by Babs Cape –
Literacy means one can read and write, but at the Literacy Council of Williamson County (LCWC) it means so much more! For the adults they serve, literacy means learning beyond words on paper. They want the skills and training for a better job, a better life for themselves and their families. So, the LCWC programs include, besides literacy for individuals and their families, civics education and workforce preparation. While learning reading and writing, the people are trained for “shovel ready” jobs, those that are out there waiting on good workers with skills in trades suffering from an insufficient worker pool. Similar classes at a community college or trade school might cost the students $1000 to $3500. LCWC education and training is offered for free!
Target occupations include automotive service technicians, bookkeeping, accounting, auditing clerks, computer-support specialists, electricians, heating and air-conditioning and refrigeration mechanics and installers, dental assistants, plumbers, pipefitters, and steamfitters, welders, cutters, solders and brazers, and more! These occupations pay on average $18 an hour, and there is a high number of job openings in these fields.
Five entities are cooperating with LCWC to make the literacy and vocational training work: The Housing Authority (facilities), ACC (instructional assistance), the Community Action Network (help with funding), and Work Force Solutions (assessing employer needs).
Seeds of Strength liaison Deborah Thomas, Karron Wilson, and I visited the site of this exciting grantee on July 31st, just as a six- months’ class was about to end. Classes were two evenings a week and Saturdays. Twelve adults, who had 100% attendance in this class, will soon be testing for a license in HVAC, where there is potential for a better income and career advancement. The HVAC class was diverse: one couple looks forward to opening their own business; Zane, the father of 3 sons (one at UT) from Pakistan, was full of enthusiasm and optimism — he wants to work on new installations on large jobs.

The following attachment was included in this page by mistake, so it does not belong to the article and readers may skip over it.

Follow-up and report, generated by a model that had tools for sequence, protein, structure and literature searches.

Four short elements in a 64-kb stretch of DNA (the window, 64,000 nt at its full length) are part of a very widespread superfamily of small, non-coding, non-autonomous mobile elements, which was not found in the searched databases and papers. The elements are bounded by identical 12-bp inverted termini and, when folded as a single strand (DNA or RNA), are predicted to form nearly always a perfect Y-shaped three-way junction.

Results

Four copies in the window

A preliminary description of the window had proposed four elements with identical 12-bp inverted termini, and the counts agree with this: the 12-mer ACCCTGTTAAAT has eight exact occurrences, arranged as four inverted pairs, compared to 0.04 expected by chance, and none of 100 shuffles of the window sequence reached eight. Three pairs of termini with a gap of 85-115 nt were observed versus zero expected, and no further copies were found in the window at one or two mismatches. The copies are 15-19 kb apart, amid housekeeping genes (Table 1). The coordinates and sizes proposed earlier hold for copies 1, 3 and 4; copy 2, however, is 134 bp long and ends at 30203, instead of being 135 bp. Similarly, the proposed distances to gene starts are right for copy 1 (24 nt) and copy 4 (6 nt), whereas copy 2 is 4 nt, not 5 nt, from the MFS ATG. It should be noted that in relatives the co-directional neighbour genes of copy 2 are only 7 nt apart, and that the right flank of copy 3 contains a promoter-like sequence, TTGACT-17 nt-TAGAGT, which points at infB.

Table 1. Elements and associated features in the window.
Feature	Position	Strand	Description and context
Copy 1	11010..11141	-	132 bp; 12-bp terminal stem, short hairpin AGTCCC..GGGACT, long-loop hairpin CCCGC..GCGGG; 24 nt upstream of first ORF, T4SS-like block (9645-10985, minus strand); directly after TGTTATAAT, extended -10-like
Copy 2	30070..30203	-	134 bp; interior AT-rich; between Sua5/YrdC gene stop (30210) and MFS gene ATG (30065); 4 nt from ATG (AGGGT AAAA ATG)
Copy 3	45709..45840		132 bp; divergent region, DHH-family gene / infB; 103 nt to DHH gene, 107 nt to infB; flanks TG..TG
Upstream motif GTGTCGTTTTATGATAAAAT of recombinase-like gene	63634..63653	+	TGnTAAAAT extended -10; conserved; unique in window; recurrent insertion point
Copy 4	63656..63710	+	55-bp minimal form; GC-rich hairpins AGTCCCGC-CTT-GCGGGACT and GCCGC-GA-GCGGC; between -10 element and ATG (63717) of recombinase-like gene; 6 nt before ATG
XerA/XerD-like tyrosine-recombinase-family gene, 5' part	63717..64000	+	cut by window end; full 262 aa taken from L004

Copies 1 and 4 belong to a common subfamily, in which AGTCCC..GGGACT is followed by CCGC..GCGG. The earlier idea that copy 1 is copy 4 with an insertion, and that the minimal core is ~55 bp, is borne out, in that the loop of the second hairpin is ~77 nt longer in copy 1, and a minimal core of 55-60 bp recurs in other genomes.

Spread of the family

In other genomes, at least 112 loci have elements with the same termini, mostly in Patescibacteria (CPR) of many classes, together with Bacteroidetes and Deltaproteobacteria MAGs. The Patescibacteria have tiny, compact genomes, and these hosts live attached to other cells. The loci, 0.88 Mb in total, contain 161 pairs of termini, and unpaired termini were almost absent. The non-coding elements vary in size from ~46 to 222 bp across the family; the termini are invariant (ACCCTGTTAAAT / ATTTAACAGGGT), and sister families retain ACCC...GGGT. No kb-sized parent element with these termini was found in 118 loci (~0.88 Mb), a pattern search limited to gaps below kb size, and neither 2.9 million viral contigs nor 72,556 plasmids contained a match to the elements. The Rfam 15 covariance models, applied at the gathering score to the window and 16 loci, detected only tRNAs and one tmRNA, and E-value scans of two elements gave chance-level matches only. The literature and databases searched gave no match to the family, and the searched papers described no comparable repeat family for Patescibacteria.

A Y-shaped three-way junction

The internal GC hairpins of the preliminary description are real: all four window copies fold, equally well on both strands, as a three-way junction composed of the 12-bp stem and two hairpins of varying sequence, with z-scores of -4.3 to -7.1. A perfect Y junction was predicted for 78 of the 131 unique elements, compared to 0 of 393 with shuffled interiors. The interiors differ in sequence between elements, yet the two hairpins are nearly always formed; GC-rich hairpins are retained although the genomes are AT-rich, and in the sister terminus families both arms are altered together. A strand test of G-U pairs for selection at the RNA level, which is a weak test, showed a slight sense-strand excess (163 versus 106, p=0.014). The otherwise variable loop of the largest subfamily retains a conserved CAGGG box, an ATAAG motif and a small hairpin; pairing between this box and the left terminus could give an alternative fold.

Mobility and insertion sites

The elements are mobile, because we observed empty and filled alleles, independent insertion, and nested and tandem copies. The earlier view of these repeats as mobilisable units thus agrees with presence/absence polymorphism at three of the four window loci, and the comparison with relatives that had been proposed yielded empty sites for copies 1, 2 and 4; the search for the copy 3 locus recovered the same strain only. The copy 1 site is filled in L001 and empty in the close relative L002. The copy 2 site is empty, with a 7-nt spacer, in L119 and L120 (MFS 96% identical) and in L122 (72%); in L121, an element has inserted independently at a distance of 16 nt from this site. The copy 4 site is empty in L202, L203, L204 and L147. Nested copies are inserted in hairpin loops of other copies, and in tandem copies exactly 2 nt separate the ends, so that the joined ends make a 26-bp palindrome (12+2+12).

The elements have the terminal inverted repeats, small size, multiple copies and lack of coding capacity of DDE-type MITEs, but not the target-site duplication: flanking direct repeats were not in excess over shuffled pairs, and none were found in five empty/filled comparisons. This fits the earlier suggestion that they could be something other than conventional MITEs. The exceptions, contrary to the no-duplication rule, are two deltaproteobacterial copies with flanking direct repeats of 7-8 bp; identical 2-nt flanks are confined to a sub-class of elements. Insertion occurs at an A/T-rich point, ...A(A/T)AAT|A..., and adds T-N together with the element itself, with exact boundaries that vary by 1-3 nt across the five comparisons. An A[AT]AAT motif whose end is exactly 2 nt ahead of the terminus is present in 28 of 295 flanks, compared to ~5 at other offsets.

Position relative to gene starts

Entry to the program is user-friendly, welcoming folks as they come in the door. To qualify for the program, a candidate must have at least a 6th grade reading level (tutors are available) and must pass drug and background tests. Students are evaluated for their potential fit for the course.
The LCWC Executive Director Robert Pinhero is a dynamic leader, uplifting and amazing. He looks ahead, constantly adding and improving what LCWC can offer their students. The SoS grant of $20,400 was used to add bright and dedicated new Site Coordinator Kimberly Goode, who comes with vast experience and a passion for the job. She shares with Robert the vision and mission of LCWC to eliminate obstacles to success, offer practical assistance, and evolve with the needs and solutions.
A poster near the building entrance sums up the encouragement LCWC offers to those coming through their doors: You Need to Believe in Yourself. Currently, 187 Georgetown residents are being served; the goal for this grant year is 250.
Hearing about the work they are doing and their hopes for the future made us proud that Seeds of Strength has a hand in this great venture.